Referring to FIG. 3B, substrate 160 and second substrate 220 may be bonded together, i.e., mesas 210 on substrate 160 may be joined to the top surface of device layer 230 by, e.g., anodic bonding. After bonding, handle wafer 240 and insulator layer 250 may be removed by, e.g., two successive selective etches, as described above. After removal of handle wafer 240 and insulator layer 250, features such as proof masses 110, motors 120, mobile comb fingers 170, and stationary comb fingers 180 may be fabricated from device layer 230. A third mask 362 may be formed over areas of device layer 230 where thinning and/or material removal is not desired, e.g., areas defining proof masses 110. Third mask 362 may include or consist essentially of a conductive material, e.g., a metal such as aluminum, or a dielectric material such as silicon dioxide. In an embodiment, third mask 362 is not formed over regions 363 of device layer 230 disposed over third recesses 360, nor over release regions 264 disposed between mesas 210 which are meant to be entirely etched away, thus releasing suspended portions of sensor 100 such as proof masses 110. Fourth mask 366 may be formed over third mask 362, as well as over regions 363. In an embodiment, fourth mask 366 includes or consists essentially of photoresist.

Referring to FIG. 3C, a first release etch, which removes material from release regions 264 (and not from regions protected by second mask 366), is performed on a second surface 268 of device layer 230 in a fashion similar to that described above in reference to FIG. 2C. First release etch may remove a thickness t3 of device layer 230 in release regions 264, which preferably leaves a thickness t4 of device layer 230 in release regions 264. Thickness t4 is preferably greater than zero, and may be approximately equal to a depth of third recesses 360. Thus, thickness t4 may be the approximate difference between the thickness of device layer 230 (which, in an embodiment, defines the thickness of proof masses 110) and the thickness of third recesses 360. In an embodiment, thickness t3 is between approximately 40 μm and approximately 50 μm, e.g., approximately 44 μm. As described further below, thickness t4 may define the depth of fourth recesses 370 (see FIG. 3E) formed on a top surface of stationary comb fingers 180. In an embodiment, the third release etch may also remove a thickness t3 of material to define one or more apertures 272 (not shown in FIG. 1 for clarity) in regions of device layer 230 where proof masses 110 are to be fabricated.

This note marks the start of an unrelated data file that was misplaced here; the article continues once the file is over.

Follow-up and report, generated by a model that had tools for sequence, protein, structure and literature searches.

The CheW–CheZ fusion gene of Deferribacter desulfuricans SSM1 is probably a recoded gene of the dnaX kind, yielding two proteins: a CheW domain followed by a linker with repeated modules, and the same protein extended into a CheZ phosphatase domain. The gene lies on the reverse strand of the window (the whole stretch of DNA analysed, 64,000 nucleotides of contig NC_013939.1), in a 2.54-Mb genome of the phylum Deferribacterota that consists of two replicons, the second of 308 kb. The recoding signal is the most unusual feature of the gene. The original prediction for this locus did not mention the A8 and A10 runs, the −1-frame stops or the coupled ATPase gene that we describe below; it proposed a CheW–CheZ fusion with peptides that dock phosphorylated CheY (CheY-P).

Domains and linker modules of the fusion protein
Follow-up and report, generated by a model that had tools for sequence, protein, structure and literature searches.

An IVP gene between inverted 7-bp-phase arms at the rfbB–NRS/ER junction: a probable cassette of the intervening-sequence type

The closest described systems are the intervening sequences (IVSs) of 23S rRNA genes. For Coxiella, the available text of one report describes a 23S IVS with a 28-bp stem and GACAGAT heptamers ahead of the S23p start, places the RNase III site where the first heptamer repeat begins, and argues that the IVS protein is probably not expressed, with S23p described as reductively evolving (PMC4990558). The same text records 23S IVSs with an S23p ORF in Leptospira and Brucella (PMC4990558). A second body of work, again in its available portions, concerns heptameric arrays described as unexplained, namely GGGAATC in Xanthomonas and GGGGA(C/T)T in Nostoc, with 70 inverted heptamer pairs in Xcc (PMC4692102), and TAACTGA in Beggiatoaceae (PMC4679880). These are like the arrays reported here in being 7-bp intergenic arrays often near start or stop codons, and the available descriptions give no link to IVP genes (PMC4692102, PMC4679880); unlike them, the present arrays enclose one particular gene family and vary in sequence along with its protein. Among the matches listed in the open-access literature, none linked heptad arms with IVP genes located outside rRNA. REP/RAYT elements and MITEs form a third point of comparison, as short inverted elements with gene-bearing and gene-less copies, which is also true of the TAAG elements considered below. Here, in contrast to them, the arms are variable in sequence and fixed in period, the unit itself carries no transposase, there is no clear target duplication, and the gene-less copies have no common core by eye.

Referring to FIGS. 3D and 3E, fourth mask 366 may be removed from the surface of device layer 230 and from third mask 362. In an embodiment, fourth mask 366 is removed by application of a suitable solvent or by ashing with an oxygen plasma. Removal of fourth mask 366 may expose regions 363 of device layer 230. A second release etch may then be performed, as described above with reference to FIGS. 2D and 2E. Second release etch preferably removes a thickness of material approximately equal to t4 from regions 363, release regions 264, and apertures 272, thus removing all remaining material from release regions 264 (and apertures 272) and forming fourth recesses 370 in regions 363. In an embodiment, the depth of fourth recesses 370 is approximately equal to the depth of third recesses 360, e.g., approximately 10 μm.

Referring to FIGS. 3F and 3G, third mask 362 is removed from the surface of device layer 230, e.g., as described above in reference to first mask 262 of FIGS. 2F and 2G. An optional top substrate 280 may be attached to device layer 230 by, e.g., anodic bonding. Top substrate 280 may include upper sense plate 290 disposed approximately directly over lower sense plate 130. With additional reference to FIG. 1, sensor 100 may include stationary comb fingers 180 having a thickness tS less than a thickness tM of mobile comb fingers 170. In an embodiment, each stationary comb finger 180 is approximately vertically centered with respect to proof mass 110 (and/or mobile comb fingers 170), i.e., the depths of first recesses 360 and second recesses 370 are approximately equal.